Monday, January 26, 2015

Gasser Madness!!

 Gassers are really popular right now, they look cool and they have a lot of room for creative building.  I really enjoy seeing gasser style builds on the table because they are fun cars that border on silly looking.  Even though they can have an element of fun to them, you have to remember, everything was done for a reason.  Racers don’t do anything to their cars just for fun, they came to win and if it doesn’t make the car go faster, they are really not interested.  The idea of racecars looking like show cars is really a modern phenomenon.  Even though you can point out the exception from back in the day, most racecars were built to race and no one cared whether they looked like show cars.  Measure it with a yardstick, mark it with chalk and cut it with a torch was the rule of the day.  So I decided to write a little primer on what is a gasser and what ain’t, er, isn’t.  Here’s a list of 20 things you should know when building a gasser.  I chose the 1965 NHRA rulebook as a guide and then went a couple of years either way to explain changes.
1.  Classes – Those letters on the window mean something, they ain’t there for decoration!  Not every car ran A/G (A gas), that was the top of the heap, a light car with lots of horsepower.  The class designations are based on the car’s weight divided by cubic inches. The reason guys ran Willys, Austins, and other assorted old coupes, is because they were lighter than the current production cars.  That’s why A/G cars are usually old classic coupes with big motors in them.  The behemoths of the 50’s are not light and no matter what you do to them short of cutting off all the body panels, they will never be as light is a car from the 30’s or early 40’s. So, if you took the same motor from “Ohio” George’s 33 and put it in a heavier car, it drops a class or so.  Superchargers moved you up a class at first, so if you ran your car in B/G and then threw a supercharger on it, you are now in A/G.  Then in 1965, they added an “S” to denote a supercharger and you ran in a separate class, such as B/GS.  To make things worse, in 66, the doubled the class letter, in this case the “B” to BB/GS, and in 67 they dropped the “S” to BB/G.  Classes went from A to H.  One of the most famous gassers was the “Flintstone Flyer”, it ran a 292 and weighted 4600 lbs and ran in E/G.   
    2.  Nose Height – Get the nose down!  The rules require that the crankshaft centerline be no more than 24 inches from the ground.  In 1/24 scale that’s about an inch, not 5 inches.  You need to understand the idea behind the high front end, it’s about weight transfer to the rear for traction.  The prevalent thinking of the day was to have the car sitting like it would while accelerating, i.e., the back end squatting. 
 3.  Rear Height – Get your butt up!  As the 60’s wore on tires got better and taller and the cars began to sit closer to level.  The rear was still a little lower than the front, but there was no “cowboy” rake to gassers by 65, and it was never all that prevalent outside the stock classes anyway. 
 4. Street Legal – These cars fall under the “Street” section of the rules, they must have all the equipment required to drive them on the street and they must be able to start on their own, which means batteries and starters, radiators, lights, and all of that cool stuff.  No body modifications unless approved, so watch the chopped tops and no altered wheelbases.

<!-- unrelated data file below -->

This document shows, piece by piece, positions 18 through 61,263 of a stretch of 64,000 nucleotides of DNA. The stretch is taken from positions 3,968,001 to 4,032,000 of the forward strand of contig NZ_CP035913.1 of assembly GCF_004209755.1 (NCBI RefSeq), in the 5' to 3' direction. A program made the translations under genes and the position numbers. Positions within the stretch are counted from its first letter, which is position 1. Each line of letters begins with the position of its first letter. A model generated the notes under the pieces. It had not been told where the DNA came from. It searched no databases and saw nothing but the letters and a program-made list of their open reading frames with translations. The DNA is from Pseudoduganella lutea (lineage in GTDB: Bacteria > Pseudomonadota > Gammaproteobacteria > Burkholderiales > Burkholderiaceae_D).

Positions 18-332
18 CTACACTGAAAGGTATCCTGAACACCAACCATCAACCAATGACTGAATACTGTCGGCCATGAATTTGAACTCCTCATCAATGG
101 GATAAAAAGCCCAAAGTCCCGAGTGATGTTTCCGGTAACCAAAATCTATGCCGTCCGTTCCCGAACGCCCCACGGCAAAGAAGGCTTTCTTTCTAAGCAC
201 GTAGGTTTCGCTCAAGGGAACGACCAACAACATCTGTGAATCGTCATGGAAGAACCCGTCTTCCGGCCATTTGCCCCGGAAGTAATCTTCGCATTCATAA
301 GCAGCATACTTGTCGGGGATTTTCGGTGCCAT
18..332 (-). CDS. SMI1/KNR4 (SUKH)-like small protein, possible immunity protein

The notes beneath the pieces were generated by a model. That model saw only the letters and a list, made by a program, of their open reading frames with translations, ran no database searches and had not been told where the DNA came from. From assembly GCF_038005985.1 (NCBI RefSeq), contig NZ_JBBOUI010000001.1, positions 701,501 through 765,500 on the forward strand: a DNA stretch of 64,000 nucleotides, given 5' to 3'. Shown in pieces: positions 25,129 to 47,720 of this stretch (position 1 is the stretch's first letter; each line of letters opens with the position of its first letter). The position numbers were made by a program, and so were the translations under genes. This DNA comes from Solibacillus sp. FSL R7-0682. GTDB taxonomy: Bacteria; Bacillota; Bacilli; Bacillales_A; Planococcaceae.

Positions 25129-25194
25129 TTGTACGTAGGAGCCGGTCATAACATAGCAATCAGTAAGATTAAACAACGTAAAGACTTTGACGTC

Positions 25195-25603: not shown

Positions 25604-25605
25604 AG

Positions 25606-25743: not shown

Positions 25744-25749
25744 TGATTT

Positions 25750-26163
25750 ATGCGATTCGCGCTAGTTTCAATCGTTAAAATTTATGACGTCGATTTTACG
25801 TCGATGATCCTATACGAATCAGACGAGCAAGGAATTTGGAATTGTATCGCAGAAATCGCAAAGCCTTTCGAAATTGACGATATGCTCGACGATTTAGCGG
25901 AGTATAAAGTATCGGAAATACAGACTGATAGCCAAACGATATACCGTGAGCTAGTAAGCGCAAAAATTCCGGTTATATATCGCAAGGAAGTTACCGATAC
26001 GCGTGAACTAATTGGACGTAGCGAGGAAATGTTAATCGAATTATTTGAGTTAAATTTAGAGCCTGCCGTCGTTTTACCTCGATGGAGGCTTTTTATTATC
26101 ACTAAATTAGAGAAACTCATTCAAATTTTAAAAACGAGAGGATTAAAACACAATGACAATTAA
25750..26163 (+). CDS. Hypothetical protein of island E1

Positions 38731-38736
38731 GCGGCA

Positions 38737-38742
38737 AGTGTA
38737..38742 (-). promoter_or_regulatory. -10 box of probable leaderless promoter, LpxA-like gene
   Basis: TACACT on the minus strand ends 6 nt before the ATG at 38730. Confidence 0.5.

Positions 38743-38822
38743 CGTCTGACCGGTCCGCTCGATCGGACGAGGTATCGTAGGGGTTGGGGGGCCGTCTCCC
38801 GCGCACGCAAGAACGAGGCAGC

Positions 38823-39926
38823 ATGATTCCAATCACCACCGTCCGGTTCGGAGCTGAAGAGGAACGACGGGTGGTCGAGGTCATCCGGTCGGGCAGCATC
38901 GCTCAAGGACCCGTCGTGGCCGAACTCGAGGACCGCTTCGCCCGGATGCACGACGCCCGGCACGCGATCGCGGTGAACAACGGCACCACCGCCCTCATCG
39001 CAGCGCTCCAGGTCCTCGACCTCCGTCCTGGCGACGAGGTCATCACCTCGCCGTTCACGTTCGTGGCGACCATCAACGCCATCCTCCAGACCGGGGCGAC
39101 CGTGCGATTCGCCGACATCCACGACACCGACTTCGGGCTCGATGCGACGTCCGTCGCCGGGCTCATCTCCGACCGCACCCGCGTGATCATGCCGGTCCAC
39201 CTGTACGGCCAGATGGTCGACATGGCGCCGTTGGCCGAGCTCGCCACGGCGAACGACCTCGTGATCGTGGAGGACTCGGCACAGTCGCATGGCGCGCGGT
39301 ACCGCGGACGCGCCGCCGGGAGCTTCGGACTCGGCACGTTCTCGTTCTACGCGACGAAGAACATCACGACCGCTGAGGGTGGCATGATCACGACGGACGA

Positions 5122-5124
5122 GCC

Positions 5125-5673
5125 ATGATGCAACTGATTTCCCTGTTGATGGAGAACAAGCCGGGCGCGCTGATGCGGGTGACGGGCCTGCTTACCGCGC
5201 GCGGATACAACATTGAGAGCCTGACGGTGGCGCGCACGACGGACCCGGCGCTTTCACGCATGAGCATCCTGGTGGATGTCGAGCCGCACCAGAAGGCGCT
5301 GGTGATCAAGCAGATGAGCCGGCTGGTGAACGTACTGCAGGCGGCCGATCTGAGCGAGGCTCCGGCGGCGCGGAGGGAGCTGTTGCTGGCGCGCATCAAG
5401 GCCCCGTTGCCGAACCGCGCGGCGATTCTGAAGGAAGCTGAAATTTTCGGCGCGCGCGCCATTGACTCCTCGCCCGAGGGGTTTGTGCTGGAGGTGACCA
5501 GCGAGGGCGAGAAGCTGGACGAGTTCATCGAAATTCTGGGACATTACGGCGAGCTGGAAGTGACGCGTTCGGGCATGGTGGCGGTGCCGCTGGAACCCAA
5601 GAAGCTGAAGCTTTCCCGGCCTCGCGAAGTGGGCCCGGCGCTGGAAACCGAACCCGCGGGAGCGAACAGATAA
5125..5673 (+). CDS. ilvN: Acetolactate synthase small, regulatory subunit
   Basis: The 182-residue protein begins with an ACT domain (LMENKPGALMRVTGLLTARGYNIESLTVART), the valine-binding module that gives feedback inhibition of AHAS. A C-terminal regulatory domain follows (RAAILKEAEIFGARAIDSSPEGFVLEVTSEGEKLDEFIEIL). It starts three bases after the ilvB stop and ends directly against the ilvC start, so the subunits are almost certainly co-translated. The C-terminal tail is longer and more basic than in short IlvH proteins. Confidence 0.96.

5. Driver – must be in the stock location
 6 Roll bars – required
 7Frames – cannot be raised to gain weight transfer (channeling)
 8. Bodies – Full fenders required
 9.  Engines – only one and in the stock location
10.  Suspension – Must have one shock per wheel on a functional factory type suspension
11.  Interior – NO gutted interiors!  Rear seat is optional, buckets can replace front bench, full upholstery required.  Cars must have a passenger seat, remember, it’s a street car!
12.  Anglias – Anglias can only run a small block Chevys without a supercharger
13.  Windows – Can be replaced with plexiglass
O.K., enough of just the rules, now for the stuff that most guys did or didn’t do.  These are the things that most people think cars had on them like they were rules, but they are just common practice or not. 
14. Batteries – Big honkin’ truck batteries over the right rear wheel for ballast and to aid in traction.  The battery in the trunk puts more weight on the rear tires which improves traction on the launch, it was put over the right (passenger) side because the torque from the driveshaft causes that side of the body to “raise”, the weight helps to keep it down.  This torsional motion is what causes drag cars to lift the front left wheel first when they pull a wheelie.
15. Ladder bars – Long “ladder bars” were common in the 60’s to help keep the rear axle from “winding up” on launch and when shifting.  In short wheelbase gassers they often connected to the transmission cross member.  Until the later 60’s they were made from 1 piece of  large square tube and had a pivot on both ends to facilitate rear axle movement in an arc but limit axle twist.  The idea comes from the “wishbone” design of 30’s cars and the later habit of hot rodders to put “split ‘bones” on their cars.  The “ladder bars” most people think of are a much later design, the long triangle shape with the zig-zag reinforcing that looks like a ladder.  These became popularized on “Street Freaks” in the 70’s.